The auto industry has signed on to proposed federal mandates to dramatically improve vehicle fuel economy. But for automakers to meet new standards, some technologies will have to be invented.
"The auto industry has agreed to meet targets that we don't know how we're going to meet," says Tom Baloga, vice president of engineering at BMW of North America. "We're ready to make commitments to tough goals. What we need is time and we need certainty."
The Obama administration, the EPA and the National Highway Traffic Safety Administration have widespread industry support for requiring nominal fleet averages of 54.5 mpg in 2026. (Because of various exceptions and credits, the real-world average likely will be in the low 40s.) Current rules require a 2012 model year industry average of 29.7 mpg.
"To reach those numbers, there is technology that is going to have to be invented," Baloga says.
Already used extensively are turbochargers, multispeed transmissions and aerodynamic improvements. But new technologies are in the works, and automakers are betting on a few that seem plausible.
-- Integrated road memory: Imagine an onboard navigation system that remembers and recognizes a driver's daily route to work -- not merely the left and right turns, but the uphills and downhills. If integrated with the vehicle's engine controls, the system could plan power use more efficiently.
Knowing that a steep hill is a half mile ahead, the engine would reserve power before reaching it. The coolant pump would know to work harder to cool the engine before reaching a highway entrance ramp. An upcoming downhill stretch would be a scheduled moment to recharge the battery.
Navigation systems companies such as TomTom International are developing the technology to make that possible. BMW and others are watching.
"If you can anticipate the route of the vehicle, you could anticipate and manage the engine of the vehicle to maximize performance," Baloga says. "It could adjust the charging logic of the battery. It can allow the voltage to drop to a certain level, knowing that it will be coasting down a hill in 500 yards and you'll be stepping on the brake and generating energy to recharge. This is an area of development we're looking at. "
-- Low rolling-resistance tires: Automakers are using tires that reduce rolling resistance, but how far can they take the concept?
A new tire from Goodyear adds 2.5 mpg to the highway fuel economy that will be posted by the 2013 Chevrolet Malibu, says Daryl Wilson, lead engineer on the car's eAssist powertrain system.
The 2013 Nissan Altima, arriving this month in showrooms, uses low rolling-resistance tires from Continental, Dunlop and Bridgestone. Last year, Bridgestone declared a goal of increasing the rolling efficiency of its tires 25 percent by 2020. Its Ecopia tire shows the path: Proprietary compounds help reduce resistance generated by the tire's heat, and new materials make the sidewalls sturdier to make road contact more precise.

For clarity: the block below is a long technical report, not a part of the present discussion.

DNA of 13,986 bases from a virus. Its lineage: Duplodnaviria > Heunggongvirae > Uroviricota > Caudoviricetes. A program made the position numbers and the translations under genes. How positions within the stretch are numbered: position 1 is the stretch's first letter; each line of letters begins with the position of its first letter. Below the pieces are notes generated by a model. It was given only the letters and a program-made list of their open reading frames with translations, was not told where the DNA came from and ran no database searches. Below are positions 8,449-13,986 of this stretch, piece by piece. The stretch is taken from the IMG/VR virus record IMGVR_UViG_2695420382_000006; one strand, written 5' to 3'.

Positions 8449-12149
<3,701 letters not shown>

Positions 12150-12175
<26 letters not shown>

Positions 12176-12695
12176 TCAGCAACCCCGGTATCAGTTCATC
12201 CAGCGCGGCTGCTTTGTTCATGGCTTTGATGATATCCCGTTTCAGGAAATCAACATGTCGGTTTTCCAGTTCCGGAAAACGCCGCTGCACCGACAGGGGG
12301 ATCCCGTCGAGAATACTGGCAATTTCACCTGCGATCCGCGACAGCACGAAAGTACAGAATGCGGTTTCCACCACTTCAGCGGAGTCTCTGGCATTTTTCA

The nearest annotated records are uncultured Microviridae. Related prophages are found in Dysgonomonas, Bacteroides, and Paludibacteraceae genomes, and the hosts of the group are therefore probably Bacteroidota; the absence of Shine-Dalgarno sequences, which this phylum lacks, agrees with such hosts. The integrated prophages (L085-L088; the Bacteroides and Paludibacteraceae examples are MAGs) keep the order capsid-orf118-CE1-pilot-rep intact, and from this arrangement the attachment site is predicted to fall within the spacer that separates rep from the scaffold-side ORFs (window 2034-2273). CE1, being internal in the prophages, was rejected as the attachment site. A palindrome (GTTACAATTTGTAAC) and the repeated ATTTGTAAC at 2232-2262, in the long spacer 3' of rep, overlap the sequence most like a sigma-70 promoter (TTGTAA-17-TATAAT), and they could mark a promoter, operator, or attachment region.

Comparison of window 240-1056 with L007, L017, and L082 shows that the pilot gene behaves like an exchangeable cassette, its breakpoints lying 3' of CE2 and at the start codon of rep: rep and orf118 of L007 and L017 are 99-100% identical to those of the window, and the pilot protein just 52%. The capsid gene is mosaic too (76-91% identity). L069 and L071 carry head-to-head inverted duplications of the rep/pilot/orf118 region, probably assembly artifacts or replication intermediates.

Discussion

-- Lighter windshields: Plastic or thinner glass would trim several pounds, but there are problems with both.
Plastic, standard in the motorcycle industry, is more expensive than glass for vehicle windows and tends to make the vehicle interior hotter. Thinner glass can lead to noisier cabins, says Jim Shepherd, who was just named president of Carlex Glass.
In recent years, glass suppliers such as Carlex have looked at changing the thickness of all windows to reduce total weight, he says. Heavier side windows can reduce the cabin noise that results from thinner back glass, Shepherd says, and the windshield can be made thinner by improving the acoustic vinyl between the windshield's two glass layers.
-- Heat capture: Harnessing heat emitted by vehicles could slash fuel use. Last year, Ford and General Motors began experimenting separately with thermoelectric technology, which channels engine heat through semiconductors that convert it to energy. Ford's program uses thermoelectric technology developed by Amerigon Inc., while GM is developing the technology internally.
A different technology, thermophotovoltaics, is under development at MTPV Corp., an Austin, Texas, technology supplier. The technology uses semiconductors and other devices to capture heat and convert it to alternating current to run vehicle electronics and cooling, potentially replacing vehicle alternators, says Vice Chairman Dave Mather.
-- Stop-start technology: Systems that pause combustion while vehicles are stopped in traffic have been on the market since the 1980s. But they have been slow to take hold in the United States, except on hybrids and electrics.
That is changing. Stop-start suppliers such as Robert Bosch, Valeo and Denso are increasing penetration on vehicles sold in the United States. The 2012 BMW 3 series and the 2012 Mercedes-Benz C class offer stop-start. The game changer may come this summer when the technology appears on the mainstream 2013 Ford Fusion. Ford intends to use the technology on other vehicles.